So there is a division within parties of the left between those who cherish human rights, multi-culturalism and the environment, and the majority of their supporters.

 

Samira Shackle is a freelance journalist, who tweets @samirashackle. She was formerly a staff writer for the New Statesman.

Photo: Martin Whitfield
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Labour MP for East Lothian Martin Whitfield: "I started an argument and ended up winning an election"

The former primary school teacher still misses home. 

Two months ago, Martin Whitfield was a primary school teacher in Prestonpans, a small town along the coast from Edinburgh. Then he got into an argument. It was a Saturday morning shortly after the snap election had been called, and he and other members of the local Labour party began discussing a rumour that the candidate would be an outsider.

“I started an argument that this was ridiculous, we couldn’t have a candidate helicoptered in,” he recalls. He pointed out that one of the main issues with the Scottish National Party incumbent, the economist and journalist George Kerevan, was that he was seen as an outsider.

“I kept arguing for an hour and a half and people started gently moving away,” he jokes. “About two days later I was still going on, and I thought enough’s enough.” 

He called Iain Gray, the Scottish Labour veteran, who interrupted him. “He said, 'Right Martin, are you going to put up or shut up?’ So I filled in the forms.

"Then I had to have a very interesting conversation with my wife.”

One successful election campaign later, he is sitting in the airy, glass-roofed atrium of Westminster’s Portcullis House. Whitfield has silver hair, glasses, and wears a Labour-red tie with his shirt. He looks every bit the approachable primary school teacher, and sometimes he forgets he isn’t anymore. 

I ask how the school reacted to his election bid, and he begins “I have”, and then corrects himself: “There is a primary four class I had the pleasure to teach.” The children wanted to know everything from where parliament was, to his views on education and independence. He took unpaid leave to campaign. 

“Actually not teaching the children was the hardest thing,” he recalls. “During the campaign I kept bumping into them when I was door-knocking.”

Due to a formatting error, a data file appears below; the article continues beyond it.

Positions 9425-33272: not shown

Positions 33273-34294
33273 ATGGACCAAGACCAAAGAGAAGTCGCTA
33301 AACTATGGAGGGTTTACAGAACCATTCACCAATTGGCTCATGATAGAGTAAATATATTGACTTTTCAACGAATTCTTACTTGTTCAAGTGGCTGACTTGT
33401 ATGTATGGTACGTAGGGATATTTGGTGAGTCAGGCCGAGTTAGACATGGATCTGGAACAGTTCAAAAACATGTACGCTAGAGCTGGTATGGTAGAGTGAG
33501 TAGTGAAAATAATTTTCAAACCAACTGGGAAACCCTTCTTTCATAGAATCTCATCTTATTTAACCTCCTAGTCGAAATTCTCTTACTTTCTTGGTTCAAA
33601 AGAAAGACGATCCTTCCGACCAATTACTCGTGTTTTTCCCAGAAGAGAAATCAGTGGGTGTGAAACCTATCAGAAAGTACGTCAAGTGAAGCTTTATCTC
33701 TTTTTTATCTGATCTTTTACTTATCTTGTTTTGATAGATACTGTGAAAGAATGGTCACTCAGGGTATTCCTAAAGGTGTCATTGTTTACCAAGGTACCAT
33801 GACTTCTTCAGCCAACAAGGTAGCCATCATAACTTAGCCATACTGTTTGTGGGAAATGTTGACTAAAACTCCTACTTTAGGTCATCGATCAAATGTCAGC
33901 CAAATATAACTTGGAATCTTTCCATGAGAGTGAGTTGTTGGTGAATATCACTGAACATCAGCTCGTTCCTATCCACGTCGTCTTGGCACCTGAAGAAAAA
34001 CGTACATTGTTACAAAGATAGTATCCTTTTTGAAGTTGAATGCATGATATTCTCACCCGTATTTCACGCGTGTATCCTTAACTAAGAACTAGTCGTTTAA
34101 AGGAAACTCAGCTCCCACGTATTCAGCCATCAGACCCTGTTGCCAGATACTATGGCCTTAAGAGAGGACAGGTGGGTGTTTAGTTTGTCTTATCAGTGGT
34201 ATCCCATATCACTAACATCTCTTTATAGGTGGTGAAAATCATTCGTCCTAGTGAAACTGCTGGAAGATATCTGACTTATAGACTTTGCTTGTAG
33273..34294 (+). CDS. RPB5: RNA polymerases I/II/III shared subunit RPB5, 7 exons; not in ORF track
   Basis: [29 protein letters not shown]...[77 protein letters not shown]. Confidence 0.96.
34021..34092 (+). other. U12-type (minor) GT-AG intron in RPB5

Whitfield was born in Newcastle, in 1965, to Labour-supporting parents. “My entire youth was spent with people who were socialists.”

His father was involved in the Theatre Workshop, founded by the left-wing director Joan Littlewood. “We were part of a community which supported each other and found value in that support in art and in theatre,” he says. “That is hugely important to me.” 

He trained as a lawyer, but grew disillusioned with the profession and retrained as a teacher instead. He and his wife eventually settled in Prestonpans, where they started a family and he “fought like mad” to work at the local school. She works as the marketing manager for the local theatre.

He believes he won his seat – one of the first to be touted as a possible Labour win – thanks to a combination of his local profile, the party’s position on independence and its manifesto, which “played brilliantly everywhere we discussed it”. 

It offered hope, he says: “As far as my doorstep discussion in East Lothian went, some people were for and against Jeremy Corbyn, some people were for and against Kezia Dugdale, but I didn’t find anyone who was against the manifesto.”

Whitfield’s new job will mean long commutes on the East Coast line, but he considers representing the constituency a “massive, massive honour”. When I ask him about East Lothian, he can’t stop talking.

“MPs do tend to say ‘my constituency’s a microcosm’, but it really is Scotland in miniature. We have a fishing industry, crabs and lobsters, the agricultural areas – the agricultural soil is second to none.” The area was also historically home to heavy industry. 

After his first week in Westminster, Whitfield caught the train back to Scotland. “That bit when I got back into East Lothian was lovely moment,” he says. “I was home.”

Julia Rampen is the digital news editor of the New Statesman (previously editor of The Staggers, The New Statesman's online rolling politics blog). She has also been deputy editor at Mirror Money Online and has worked as a financial journalist for several trade magazines.